Jenny Scott finds much to contemplate in the three video works by Tina Havelock Stevens that make up ‘Thunderhead’.
Review: Tina Havelock Stevens, ‘Thunderhead’ ·
Perth Institute of Contemporary Arts, 22 February 2020 ·
Review by Jenny Scott ·
Projected on to a huge screen in the central space of the PICA Ground Floor Galleries, video footage of a supercell thunderstorm shows it seeming to float, a semi-sheer column of ethereal white mist against a distant mountain range.
This is the titular work of ‘Thunderhead’, a solo exhibition of evocative works by Sydney artist, drummer and documentary film-maker Tina Havelock Stevens. As the looped footage – shot from a moving car – ensures the storm poses no threat by advancing towards us, we are free to contemplate the awe-inspiring natural phenomenon from the comfort of some massive beanbags.
The footage is perfectly paired with a spontaneously composed post-rock soundtrack by Havelock Stevens and collaborator Liberty Kerr. Emotive and immersive, the work invites us to consider the scale of our environment, to reflect on the systems and events much bigger than we are.
One of the smaller side galleries shows Come Together, Right Now (2006-18), a video of a public vigil held in New York in 2006 to commemorate John Lennon’s birthday. A diverse crowd is seen silently singing, playing guitars and gently bopping their heads as they surround a makeshift shrine to Lennon on the footpath outside the Dakota Building, where he lived and was fatally shot in 1980. The soundtrack features an instantly recognisable musical phrase from the Beatles’ track, “Come Together”, which repeats, plays in reverse, and repeats again.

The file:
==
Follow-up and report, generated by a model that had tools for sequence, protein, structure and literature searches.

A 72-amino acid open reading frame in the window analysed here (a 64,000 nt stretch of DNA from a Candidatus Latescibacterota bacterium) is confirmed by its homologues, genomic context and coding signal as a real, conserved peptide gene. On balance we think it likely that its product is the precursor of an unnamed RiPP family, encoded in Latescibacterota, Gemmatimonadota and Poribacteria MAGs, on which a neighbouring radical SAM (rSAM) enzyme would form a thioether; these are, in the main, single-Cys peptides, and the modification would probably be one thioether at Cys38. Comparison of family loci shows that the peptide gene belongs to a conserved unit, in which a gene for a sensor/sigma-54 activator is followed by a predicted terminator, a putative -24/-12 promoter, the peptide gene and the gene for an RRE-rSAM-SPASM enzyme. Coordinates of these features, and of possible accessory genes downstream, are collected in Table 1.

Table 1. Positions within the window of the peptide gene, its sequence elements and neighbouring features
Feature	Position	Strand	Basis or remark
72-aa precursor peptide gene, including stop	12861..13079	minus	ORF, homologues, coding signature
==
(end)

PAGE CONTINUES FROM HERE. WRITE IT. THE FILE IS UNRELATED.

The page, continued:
Exploring the role of music in the collective consciousness, the work represents and evokes moments of unity and intimacy between strangers – on the street in the past, and in the gallery space in the present.
In the other smaller gallery, Let’s Groove (2017) is a powerful (and very cool) improvised video self-portrait of the artist showing just her head and bare shoulders. She is moving with clear purpose and mental focus, with a far-away look in her eye.
It is only once a stick comes into view at the bottom of the screen that we realise she’s drumming – her complex physical actions are mostly hidden out of frame. This is a fascinating and empowering representation of a female artist, presenting beauty through talent, invisible labour, and a proficiency in a traditionally masculine mode of music-making.
Presented in association with the Perth Festival, the compelling works in “Thunderhead” offer fleeting moments captured to encourage consideration and awareness of the social, environmental and musical rhythms of life, reverie, and the transcendental power of music.
Pictured top: Tina Havelock Stevens, ‘Thunderhead’, 2020. Installation view at Perth Institute of Contemporary Arts. Photo: Bo Wong